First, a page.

DENVER – The United States Constitution, which turned 225 years old last summer, is a remarkable document: the provisions of a text written in the eighteenth century continue to guide twenty-first-century governance. We will be reminded of the implications of that in the coming weeks, as President Barack Obama fills senior positions in his second-term administration. In many cases, the process will not be pretty.
Article II of the Constitution stipulates presidential powers that require the “advice and consent of the Senate,” including the nomination of senior officials. Probably nobody, 225 years ago, had any idea that the number of officials deemed to require Senate confirmation would eventually exceed 1,400, or that Senate confirmation would involve a vetting process that often takes years to complete.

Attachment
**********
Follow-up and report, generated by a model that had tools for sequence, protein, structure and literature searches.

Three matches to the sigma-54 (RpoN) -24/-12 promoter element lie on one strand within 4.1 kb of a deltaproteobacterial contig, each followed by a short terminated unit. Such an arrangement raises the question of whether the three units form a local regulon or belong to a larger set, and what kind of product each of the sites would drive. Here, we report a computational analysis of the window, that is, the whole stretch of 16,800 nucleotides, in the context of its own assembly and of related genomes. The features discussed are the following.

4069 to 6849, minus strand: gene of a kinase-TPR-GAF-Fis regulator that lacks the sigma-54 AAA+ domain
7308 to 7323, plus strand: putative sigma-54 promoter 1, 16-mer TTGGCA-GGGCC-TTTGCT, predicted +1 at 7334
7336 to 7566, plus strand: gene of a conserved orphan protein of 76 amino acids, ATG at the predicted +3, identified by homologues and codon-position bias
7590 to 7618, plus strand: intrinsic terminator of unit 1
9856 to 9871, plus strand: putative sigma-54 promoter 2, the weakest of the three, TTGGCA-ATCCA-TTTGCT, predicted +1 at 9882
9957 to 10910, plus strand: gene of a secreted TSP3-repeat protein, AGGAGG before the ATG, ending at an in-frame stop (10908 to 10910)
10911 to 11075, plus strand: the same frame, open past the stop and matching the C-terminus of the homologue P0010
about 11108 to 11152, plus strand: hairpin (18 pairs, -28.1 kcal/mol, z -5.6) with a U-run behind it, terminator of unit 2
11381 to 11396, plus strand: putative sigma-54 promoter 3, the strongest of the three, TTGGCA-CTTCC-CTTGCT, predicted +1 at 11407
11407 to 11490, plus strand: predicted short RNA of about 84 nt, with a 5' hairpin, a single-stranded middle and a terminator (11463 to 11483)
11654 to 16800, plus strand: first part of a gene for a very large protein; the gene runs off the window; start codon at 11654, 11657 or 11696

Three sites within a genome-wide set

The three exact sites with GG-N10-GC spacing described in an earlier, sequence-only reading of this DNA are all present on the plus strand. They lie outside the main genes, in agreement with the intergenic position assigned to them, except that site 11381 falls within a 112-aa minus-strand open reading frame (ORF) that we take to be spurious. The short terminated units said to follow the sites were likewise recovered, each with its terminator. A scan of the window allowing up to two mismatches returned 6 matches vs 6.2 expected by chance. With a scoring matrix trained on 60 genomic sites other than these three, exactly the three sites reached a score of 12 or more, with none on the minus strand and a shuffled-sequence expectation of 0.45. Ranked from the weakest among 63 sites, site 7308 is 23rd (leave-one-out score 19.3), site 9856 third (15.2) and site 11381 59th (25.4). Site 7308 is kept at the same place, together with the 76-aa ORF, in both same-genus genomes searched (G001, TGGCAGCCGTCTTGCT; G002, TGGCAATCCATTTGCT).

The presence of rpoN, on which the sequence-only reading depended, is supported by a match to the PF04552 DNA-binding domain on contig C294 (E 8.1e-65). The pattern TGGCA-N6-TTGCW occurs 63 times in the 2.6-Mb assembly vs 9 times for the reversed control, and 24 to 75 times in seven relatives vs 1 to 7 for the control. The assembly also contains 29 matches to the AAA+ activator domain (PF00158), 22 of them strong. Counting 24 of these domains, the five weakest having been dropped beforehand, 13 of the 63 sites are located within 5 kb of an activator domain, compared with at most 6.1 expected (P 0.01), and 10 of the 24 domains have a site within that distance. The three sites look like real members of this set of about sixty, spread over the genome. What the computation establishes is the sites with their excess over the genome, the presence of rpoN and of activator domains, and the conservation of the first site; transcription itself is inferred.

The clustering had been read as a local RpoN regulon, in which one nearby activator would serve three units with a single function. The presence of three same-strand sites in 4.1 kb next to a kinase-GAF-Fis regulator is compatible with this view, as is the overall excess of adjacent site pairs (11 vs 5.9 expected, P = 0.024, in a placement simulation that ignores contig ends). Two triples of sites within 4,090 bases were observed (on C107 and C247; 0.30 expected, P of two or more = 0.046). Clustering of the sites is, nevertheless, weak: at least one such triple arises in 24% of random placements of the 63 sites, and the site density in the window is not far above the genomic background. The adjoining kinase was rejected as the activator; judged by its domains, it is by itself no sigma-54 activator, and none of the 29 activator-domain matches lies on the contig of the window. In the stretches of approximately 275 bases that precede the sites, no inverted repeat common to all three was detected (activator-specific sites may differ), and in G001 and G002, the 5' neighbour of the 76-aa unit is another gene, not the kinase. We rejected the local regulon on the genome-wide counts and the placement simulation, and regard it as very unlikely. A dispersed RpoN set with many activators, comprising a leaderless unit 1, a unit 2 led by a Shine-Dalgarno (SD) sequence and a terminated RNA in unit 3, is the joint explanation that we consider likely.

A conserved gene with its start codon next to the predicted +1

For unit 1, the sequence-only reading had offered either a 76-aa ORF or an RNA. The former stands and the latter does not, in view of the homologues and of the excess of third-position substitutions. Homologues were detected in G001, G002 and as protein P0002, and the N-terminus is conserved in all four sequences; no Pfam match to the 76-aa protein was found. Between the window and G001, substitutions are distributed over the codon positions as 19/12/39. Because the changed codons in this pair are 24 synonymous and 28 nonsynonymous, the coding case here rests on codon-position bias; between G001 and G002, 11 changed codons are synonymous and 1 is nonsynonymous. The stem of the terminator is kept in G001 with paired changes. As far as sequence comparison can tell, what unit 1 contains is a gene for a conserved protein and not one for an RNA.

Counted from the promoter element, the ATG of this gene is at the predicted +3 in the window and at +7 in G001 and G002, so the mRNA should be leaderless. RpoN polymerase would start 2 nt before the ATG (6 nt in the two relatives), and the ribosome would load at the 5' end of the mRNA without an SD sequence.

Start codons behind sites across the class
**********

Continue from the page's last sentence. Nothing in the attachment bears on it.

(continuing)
Indeed, many people believe that the Senate confirmation process is broken. They have only to point to the failed attempt to nominate Susan Rice, the US ambassador to the United Nations, to be Hillary Clinton’s successor as Secretary of State, or to the similarly gut-wrenching nomination of former Senator Chuck Hagel to be Secretary of Defense.
Because of the sheer volume of nominations, most have traditionally sailed through the Senate with so-called unanimous consent, a process by which nominations are placed on the day’s calendar and the calendar is approved in a single voice vote. But that expedited process is becoming rarer nowadays.